Now comes defense attorney Alan Dershowitz, suing CNN for … unfairly abridging his impeachment argument. The news network’s goal, according to Dershowitz’s complaint, filed in federal court in south Florida, was “to falsely paint Professor Dershowitz as a constitutional scholar and intellectual who had lost his mind.” He’s seeking $300 million in compensatory and punitive damages.
As Dershowitz’s complaint tells the story, the emeritus Harvard Law School professor saw his reputation tarnished on CNN’s airwaves on Jan. 29. On that notable day in the impeachment trial of President Trump, Sen. Ted Cruz (R-Tex.) posed this question to the Senate chamber: “As a matter of law, does it matter if there was a quid pro quo? Is it true that quid pro quos are often used in foreign policy?”
With that, Dershowitz took the floor and plowed through an abstruse and tortuous legal argument so resistant to abridgment that it’s best left to repose in the fullness of the C-SPAN vault. But for the purposes of this post, we’ll do our best: Dershowitz began by posing a hypothetical of a Democratic president conditioning aid to Israel or the Palestinians based on Washington’s desired outcomes. “There’s no one in this chamber that would regard that as in any way unlawful. The only thing that would make a quid pro quo unlawful is if the quo were, in some way, illegal.”
There was more, much more: The renowned attorney noted that a president could have three motives — a motive in the public interest, a motive in his own political interest and a selfish financial motive. Focusing on the second one, Dershowitz said this:
Every public official that I know believes that his election is in the public interest and mostly you’re right, your election is in the public interest. And if a president does something which he believes will help him get elected in the public interest, that cannot be the kind of quid pro quo that results in impeachment. I quoted President Lincoln. When President Lincoln told general Sherman to let the troops go to Indiana so that they can vote for the Republican Party, let’s assume the president was running at that point and it was in his electoral interest to have these soldiers, put at risk the lives of many, many other soldiers who would be left without their company. Would that be an unlawful quid pro quo? No, because the president, A, believed it was in the national interest, but B, he believed that his own election was essential to victory in the Civil War. Every president believes that. That’s why it’s so dangerous to try to psychoanalyze a president, to try to get into the intricacies of the human mind. Everybody has mixed motives, and for there to be a constitutional impeachment based on mixed motives, would permit almost any president to be impeached.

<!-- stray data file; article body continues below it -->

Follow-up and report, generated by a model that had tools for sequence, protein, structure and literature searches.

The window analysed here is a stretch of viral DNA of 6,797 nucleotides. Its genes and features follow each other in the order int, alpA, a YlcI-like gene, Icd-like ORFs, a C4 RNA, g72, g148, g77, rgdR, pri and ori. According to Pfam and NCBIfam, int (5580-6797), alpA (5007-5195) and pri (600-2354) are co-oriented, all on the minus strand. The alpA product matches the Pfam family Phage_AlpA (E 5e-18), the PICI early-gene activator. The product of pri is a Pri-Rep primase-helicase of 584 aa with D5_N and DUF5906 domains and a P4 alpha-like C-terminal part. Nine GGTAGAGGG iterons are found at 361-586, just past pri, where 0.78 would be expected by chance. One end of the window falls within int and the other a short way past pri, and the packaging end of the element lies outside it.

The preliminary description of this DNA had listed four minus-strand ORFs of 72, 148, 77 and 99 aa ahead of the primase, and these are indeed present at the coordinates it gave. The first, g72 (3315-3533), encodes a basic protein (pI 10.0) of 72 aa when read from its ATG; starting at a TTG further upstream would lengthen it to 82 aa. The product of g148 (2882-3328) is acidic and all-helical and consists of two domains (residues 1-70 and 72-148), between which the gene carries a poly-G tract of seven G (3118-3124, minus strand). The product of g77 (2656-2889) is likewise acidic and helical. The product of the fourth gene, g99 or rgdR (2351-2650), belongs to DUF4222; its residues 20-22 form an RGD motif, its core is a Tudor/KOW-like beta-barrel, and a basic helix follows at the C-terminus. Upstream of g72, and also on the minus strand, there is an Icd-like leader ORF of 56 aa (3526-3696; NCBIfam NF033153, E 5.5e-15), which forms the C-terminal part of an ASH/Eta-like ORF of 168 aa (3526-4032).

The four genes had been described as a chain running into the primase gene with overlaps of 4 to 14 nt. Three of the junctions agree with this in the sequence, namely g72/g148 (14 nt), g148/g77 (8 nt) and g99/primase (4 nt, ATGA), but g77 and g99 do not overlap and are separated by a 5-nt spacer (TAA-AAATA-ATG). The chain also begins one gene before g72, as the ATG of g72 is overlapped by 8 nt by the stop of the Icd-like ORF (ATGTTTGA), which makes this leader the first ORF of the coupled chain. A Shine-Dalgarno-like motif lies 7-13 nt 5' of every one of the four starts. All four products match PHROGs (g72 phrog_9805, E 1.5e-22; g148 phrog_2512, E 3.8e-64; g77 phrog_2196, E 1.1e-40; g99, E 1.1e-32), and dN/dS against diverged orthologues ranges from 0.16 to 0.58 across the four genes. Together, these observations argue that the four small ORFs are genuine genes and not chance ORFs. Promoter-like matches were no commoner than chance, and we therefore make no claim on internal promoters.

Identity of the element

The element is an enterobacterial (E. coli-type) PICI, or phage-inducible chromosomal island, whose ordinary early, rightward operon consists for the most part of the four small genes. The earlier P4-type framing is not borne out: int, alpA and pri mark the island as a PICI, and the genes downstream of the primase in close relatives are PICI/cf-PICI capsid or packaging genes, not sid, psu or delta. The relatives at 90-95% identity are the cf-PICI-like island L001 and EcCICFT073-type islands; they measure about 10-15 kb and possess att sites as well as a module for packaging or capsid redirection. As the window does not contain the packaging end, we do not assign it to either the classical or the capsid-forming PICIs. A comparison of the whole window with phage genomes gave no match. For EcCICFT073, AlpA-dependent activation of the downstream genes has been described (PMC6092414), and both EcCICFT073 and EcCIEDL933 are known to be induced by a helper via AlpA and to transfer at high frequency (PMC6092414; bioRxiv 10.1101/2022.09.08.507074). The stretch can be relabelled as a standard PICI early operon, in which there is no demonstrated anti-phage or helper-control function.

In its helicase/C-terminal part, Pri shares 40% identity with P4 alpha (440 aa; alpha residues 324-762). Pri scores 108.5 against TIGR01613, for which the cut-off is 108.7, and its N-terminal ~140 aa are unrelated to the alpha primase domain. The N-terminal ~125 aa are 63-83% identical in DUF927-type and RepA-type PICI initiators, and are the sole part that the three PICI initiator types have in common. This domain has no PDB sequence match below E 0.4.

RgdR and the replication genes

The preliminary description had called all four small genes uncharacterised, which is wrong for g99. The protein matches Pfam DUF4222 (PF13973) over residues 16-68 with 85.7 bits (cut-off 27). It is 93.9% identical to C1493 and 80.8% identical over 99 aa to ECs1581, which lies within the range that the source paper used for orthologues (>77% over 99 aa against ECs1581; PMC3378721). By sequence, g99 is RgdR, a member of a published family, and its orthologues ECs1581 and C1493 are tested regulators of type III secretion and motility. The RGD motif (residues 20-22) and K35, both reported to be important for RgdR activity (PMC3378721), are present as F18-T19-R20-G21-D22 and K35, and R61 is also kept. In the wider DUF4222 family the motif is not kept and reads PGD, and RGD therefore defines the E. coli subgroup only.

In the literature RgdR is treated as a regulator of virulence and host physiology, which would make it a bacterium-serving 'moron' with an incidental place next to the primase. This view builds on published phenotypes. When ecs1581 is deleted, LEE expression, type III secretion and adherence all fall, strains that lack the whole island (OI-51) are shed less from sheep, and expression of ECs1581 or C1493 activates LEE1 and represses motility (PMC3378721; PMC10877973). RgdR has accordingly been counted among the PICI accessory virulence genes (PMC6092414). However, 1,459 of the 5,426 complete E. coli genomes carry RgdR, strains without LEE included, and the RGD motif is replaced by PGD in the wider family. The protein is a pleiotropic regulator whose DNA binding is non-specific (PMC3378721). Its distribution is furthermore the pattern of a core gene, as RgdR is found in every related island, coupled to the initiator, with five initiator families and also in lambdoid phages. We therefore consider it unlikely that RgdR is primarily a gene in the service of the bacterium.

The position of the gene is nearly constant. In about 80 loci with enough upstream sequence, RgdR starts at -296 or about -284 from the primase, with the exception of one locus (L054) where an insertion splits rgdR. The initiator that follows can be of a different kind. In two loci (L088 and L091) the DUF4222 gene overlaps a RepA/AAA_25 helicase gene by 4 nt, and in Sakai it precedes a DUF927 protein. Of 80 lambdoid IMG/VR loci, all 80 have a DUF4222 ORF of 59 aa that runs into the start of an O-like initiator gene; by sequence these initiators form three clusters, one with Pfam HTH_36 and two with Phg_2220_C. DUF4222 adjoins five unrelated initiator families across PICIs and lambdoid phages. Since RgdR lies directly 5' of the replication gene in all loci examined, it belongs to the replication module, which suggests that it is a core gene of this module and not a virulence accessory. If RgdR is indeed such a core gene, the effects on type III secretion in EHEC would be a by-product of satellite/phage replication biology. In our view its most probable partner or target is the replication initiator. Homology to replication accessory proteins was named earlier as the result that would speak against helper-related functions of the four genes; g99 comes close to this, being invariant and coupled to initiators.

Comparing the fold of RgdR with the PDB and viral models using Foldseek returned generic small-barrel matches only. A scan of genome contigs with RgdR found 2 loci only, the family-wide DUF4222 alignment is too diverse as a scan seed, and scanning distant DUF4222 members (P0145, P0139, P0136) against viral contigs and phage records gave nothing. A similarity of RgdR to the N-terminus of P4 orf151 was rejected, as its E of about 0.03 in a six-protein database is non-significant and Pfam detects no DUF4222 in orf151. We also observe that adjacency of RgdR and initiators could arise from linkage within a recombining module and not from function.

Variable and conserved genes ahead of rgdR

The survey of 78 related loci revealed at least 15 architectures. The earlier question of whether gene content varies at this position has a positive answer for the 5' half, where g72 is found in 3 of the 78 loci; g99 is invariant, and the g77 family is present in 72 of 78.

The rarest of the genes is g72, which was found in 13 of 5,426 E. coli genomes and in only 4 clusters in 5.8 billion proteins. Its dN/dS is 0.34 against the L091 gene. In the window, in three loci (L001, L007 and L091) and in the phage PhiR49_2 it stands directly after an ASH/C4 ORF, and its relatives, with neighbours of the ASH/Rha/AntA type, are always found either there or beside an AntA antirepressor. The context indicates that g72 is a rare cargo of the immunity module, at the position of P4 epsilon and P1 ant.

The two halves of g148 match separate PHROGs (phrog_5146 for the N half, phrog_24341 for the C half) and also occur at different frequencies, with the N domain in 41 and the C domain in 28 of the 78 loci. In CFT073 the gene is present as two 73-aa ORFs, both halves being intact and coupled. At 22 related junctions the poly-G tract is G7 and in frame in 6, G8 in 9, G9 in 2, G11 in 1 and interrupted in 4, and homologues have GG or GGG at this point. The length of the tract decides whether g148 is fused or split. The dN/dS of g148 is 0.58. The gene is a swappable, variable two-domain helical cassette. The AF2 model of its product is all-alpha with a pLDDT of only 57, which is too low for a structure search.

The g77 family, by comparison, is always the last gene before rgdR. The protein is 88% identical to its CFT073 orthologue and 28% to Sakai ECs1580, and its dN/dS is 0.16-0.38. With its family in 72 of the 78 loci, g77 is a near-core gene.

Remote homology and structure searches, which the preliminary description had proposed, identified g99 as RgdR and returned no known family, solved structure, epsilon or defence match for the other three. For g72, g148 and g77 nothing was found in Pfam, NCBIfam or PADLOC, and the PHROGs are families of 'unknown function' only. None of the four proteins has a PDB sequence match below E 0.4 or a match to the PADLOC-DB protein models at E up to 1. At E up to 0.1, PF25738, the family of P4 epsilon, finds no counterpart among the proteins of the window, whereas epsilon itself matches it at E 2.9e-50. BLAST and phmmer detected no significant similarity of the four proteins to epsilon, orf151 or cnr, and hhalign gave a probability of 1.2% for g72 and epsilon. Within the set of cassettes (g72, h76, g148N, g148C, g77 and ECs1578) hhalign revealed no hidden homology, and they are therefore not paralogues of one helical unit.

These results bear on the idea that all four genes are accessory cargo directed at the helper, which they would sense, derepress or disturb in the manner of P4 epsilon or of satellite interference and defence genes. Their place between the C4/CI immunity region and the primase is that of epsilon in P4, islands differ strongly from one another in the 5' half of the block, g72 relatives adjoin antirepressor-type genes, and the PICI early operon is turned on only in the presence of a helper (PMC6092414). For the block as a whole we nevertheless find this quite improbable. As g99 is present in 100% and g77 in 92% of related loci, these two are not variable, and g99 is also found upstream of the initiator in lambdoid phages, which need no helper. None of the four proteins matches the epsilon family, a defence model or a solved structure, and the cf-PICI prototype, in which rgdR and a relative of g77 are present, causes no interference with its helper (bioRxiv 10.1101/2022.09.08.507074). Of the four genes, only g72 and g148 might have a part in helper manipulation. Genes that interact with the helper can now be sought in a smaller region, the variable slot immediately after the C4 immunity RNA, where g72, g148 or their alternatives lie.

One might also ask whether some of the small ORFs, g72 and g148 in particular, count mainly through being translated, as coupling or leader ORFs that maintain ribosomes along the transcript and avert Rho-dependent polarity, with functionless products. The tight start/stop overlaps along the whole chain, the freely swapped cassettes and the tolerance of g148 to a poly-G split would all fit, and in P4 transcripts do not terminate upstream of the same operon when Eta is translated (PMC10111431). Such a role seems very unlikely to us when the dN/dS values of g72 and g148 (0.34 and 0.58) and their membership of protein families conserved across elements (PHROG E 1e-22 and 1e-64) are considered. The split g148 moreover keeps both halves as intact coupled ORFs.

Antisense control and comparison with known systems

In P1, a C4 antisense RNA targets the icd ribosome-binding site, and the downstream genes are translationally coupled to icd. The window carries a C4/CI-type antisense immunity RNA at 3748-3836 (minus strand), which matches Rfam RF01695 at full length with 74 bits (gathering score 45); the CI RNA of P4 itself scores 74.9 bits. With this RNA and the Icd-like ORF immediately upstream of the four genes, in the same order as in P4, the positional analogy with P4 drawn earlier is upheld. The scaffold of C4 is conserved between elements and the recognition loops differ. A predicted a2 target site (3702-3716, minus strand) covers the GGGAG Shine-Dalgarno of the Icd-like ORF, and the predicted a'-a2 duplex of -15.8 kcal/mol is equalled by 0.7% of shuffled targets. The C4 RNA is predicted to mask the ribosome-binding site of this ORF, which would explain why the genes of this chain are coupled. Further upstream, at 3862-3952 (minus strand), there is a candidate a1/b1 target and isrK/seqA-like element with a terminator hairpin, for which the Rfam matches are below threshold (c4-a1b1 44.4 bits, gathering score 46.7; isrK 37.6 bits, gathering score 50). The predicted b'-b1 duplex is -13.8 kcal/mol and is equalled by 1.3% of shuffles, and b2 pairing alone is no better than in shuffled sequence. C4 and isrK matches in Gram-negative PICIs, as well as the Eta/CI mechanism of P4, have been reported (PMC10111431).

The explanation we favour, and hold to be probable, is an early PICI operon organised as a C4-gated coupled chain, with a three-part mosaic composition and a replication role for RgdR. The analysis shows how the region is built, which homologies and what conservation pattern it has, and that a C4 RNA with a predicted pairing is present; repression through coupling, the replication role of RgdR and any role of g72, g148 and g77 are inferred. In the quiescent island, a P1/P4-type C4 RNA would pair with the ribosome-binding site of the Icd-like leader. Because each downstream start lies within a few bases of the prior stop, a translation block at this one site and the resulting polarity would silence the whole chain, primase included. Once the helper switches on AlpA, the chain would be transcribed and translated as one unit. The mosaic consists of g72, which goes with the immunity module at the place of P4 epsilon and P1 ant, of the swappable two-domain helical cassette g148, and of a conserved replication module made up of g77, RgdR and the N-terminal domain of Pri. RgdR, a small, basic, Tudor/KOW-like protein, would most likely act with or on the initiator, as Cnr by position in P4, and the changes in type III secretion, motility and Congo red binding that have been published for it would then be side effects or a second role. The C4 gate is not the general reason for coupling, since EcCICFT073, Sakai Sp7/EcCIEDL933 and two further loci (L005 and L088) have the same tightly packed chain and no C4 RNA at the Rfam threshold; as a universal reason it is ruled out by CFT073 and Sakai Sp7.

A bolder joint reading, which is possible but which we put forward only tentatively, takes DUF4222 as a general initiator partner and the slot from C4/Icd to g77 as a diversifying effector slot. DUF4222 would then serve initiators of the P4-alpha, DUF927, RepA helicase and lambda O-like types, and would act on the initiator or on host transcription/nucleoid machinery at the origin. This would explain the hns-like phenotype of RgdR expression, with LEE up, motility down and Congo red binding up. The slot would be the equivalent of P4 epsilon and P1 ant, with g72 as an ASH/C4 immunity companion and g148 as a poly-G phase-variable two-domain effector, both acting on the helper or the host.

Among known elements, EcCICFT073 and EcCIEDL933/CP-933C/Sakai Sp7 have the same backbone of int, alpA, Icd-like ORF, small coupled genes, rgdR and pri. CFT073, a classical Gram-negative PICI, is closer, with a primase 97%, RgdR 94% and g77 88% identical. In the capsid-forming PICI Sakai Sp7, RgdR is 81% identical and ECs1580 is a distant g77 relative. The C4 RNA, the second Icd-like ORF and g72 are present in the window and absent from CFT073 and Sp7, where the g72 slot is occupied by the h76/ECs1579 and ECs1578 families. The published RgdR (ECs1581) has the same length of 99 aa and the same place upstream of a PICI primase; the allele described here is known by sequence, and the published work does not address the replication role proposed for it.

In his complaint, Dershowitz argues that CNN’s summary of his argument excluded the part where he addressed illegal quid pro quos. Instead, claims the suit, CNN ran with a takeaway that libeled the professor, as it “exploded into a one-sided and false narrative that Professor Dershowitz believes and argued that as long as the President believes his reelection is in the public interest, that he could do anything at all — including illegal acts — and be immune from impeachment.” Nor was the abridgment accidental, claims the suit, noting that anchors Jake Tapper and Wolf Blitzer had included the “illegal” part in their coverage.
The suit cites comments by host John Berman and a CNN.com essay by commentator Paul Begala to support his defamation claims.
Speaking of omissions, the suit is silent on how widely Dershowitz was panned for his argument. “Absurd and outrageous”; “inane”; “Alan Dershowitz for the Defense: L’État, C’est Trump”; “crazypants bonkers.”
And CNN’s people were by no means the only ones to reach the allegedly defamatory conclusion: